Archive for the ‘press’ Category
The Italian newspaper La Stampa published an Alain Elkann Interview of Scott Armstrong on Sunday April 12 titled “J. Scott Armstrong: “Vi spiego perché le previsioni sul clima sono sbagliate”” here. Alain was particularly interested to know about the subject of theclimatebet.com: Professor Armstrong’s challenge to Al Gore to bet that temperatures will increase dangerously, as Mr Gore has threatened will happen.
Regular readers of this blog will be familiar with the Challenge, but for those of you who are not, or who are interested to read a fresh summary of what scientific forecasting tells us about 21st Century temperatures, you can find the full interview in English on Alain Elkann’s own site here. For those of you who have friends who are struggling to make sense of the dangerous manmade global warming alarm, the interview is a good place to start.
As we’ve written before, trends appear to emerge in the data, then reverse, on all timescales. January 2013’s relative warmth turned out to be a one-month spike, with temperatures in February again below the 2007 global average temperature. Since the first month of Scott Armstrong’s “bet” with Al Gore, the UAH monthly temperature anomaly has been cooler than the 2007 average for 34 out of the 62 months. In other words, to date 55% of months have been cooler
In response to a Wall Street Journal op-ed by Bjorn Lomborg, Scott Armstrong, Kesten Green, and Willie Soon wrote the following letter questioning Lomborg’s poorly-justified advocacy.
“Let’s Deal in Science and Facts” – A letter to the Wall Street Journal
Bjorn Lomborg (“Can Anything Serious Happen in Cancun?”, op-ed, Nov. 12) claims that government spending on global warming policies is wasted, but he assumes that global warming caused by carbon dioxide is a fact. It is not. We base this statement not on the opinions of 31,000 American scientists who signed a public statement rejecting this warming hypothesis (the “Oregon Petition”), but rather because the forecasts of global warming were derived from faulty procedures.
We published a peer-reviewed paper showing that the forecasting procedures used by the U.N.’s Intergovernmental Panel on Climate Change violated 72 of 89 relevant principles (e.g., “provide full disclosure of methods”). The IPCC has been unable to explain why it violated such principles. In response, we developed a model that follows the principles. Because the climate is complex and poorly understood, our model predicts that global average temperatures will not change.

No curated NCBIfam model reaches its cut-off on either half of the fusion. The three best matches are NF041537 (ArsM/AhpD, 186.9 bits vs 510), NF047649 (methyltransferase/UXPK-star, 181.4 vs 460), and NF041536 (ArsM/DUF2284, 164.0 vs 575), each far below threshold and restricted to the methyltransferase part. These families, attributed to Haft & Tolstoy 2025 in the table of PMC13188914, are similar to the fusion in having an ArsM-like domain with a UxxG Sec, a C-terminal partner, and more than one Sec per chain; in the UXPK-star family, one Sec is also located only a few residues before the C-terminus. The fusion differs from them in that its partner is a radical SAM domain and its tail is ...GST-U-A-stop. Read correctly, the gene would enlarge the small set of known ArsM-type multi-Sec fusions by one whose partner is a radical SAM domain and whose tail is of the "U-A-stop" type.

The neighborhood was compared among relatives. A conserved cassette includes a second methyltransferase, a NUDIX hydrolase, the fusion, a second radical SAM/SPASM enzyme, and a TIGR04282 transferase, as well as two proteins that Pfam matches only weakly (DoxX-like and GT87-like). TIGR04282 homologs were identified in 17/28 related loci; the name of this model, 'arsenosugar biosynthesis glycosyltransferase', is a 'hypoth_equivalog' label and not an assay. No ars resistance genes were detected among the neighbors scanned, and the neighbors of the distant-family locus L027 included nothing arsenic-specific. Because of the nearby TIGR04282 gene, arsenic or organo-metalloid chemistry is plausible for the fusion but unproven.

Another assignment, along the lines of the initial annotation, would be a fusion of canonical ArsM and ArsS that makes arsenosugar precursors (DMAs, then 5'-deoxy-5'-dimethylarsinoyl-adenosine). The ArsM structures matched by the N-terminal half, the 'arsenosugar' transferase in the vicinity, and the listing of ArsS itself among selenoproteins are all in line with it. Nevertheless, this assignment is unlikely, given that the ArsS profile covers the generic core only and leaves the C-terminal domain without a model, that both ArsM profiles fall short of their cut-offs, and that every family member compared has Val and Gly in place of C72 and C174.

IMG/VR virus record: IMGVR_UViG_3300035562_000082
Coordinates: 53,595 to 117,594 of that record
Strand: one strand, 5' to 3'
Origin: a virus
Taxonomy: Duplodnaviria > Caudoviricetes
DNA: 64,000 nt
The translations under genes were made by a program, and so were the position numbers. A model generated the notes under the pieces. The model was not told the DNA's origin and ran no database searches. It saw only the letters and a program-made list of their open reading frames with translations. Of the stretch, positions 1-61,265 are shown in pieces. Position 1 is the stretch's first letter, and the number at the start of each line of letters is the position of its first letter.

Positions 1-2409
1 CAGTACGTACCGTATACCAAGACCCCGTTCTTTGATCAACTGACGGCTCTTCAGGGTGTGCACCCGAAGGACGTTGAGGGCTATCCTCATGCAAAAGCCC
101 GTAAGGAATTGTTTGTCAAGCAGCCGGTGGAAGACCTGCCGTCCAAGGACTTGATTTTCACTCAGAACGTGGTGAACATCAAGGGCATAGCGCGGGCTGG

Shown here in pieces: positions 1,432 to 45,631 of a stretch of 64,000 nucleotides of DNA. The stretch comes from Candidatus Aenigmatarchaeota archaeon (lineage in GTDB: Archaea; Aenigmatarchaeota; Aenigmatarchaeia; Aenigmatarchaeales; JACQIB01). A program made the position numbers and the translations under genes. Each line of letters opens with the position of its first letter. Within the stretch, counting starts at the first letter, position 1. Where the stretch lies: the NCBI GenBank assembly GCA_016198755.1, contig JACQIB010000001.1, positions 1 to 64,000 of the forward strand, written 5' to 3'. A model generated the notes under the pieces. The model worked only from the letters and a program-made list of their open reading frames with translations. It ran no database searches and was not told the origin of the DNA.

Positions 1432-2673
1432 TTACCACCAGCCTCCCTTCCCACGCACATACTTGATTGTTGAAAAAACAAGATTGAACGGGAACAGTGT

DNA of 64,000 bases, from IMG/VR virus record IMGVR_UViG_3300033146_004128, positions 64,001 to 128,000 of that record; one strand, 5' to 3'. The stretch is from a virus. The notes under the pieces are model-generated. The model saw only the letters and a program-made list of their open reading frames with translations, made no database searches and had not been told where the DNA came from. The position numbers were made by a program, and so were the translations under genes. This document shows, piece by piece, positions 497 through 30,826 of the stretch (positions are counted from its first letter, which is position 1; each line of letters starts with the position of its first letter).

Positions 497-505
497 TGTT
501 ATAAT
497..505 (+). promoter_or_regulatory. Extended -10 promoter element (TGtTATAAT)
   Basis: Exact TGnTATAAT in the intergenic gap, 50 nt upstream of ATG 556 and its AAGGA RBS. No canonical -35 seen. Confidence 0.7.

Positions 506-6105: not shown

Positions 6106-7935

In testing the models on global temperature data since 1850, we found that the long-range (91-to-100-years ahead) forecast errors from the IPCC’s projection were 12 times larger than the errors from our simple model.
Mr. Lomborg concludes there are better ways for governments to spend the funds devoted to global warming. We suggest this money should instead be returned to taxpayers.
J. Scott Armstrong, Kesten C. Green. Willie Soon.
See the letter on the WSJ site here.
Decimation of the polar bear: bearfaced lies?
A leading expert in forecasting tells spiked that research into the impact of climate change on polar bears has been shockingly shoddy.
Despite the steady growth of the polar bear population over the past 40 years – it now stands between 20,000 and 25,000 – there is no shortage of doom-laden reports about the bears’ imminent demise on our warming planet. Some refer to polar bears as the ‘canaries of climate change’. Indeed, so strong is the misery-mongering about polar bears that the US is currently trying to list them as an endangered species; and its campaign has been aided and abetted by several pieces of US government-sponsored research into polar bear numbers. Yet according to experts in the field of forecasting methods, official rumours of the polar bear’s demise have been greatly exaggerated.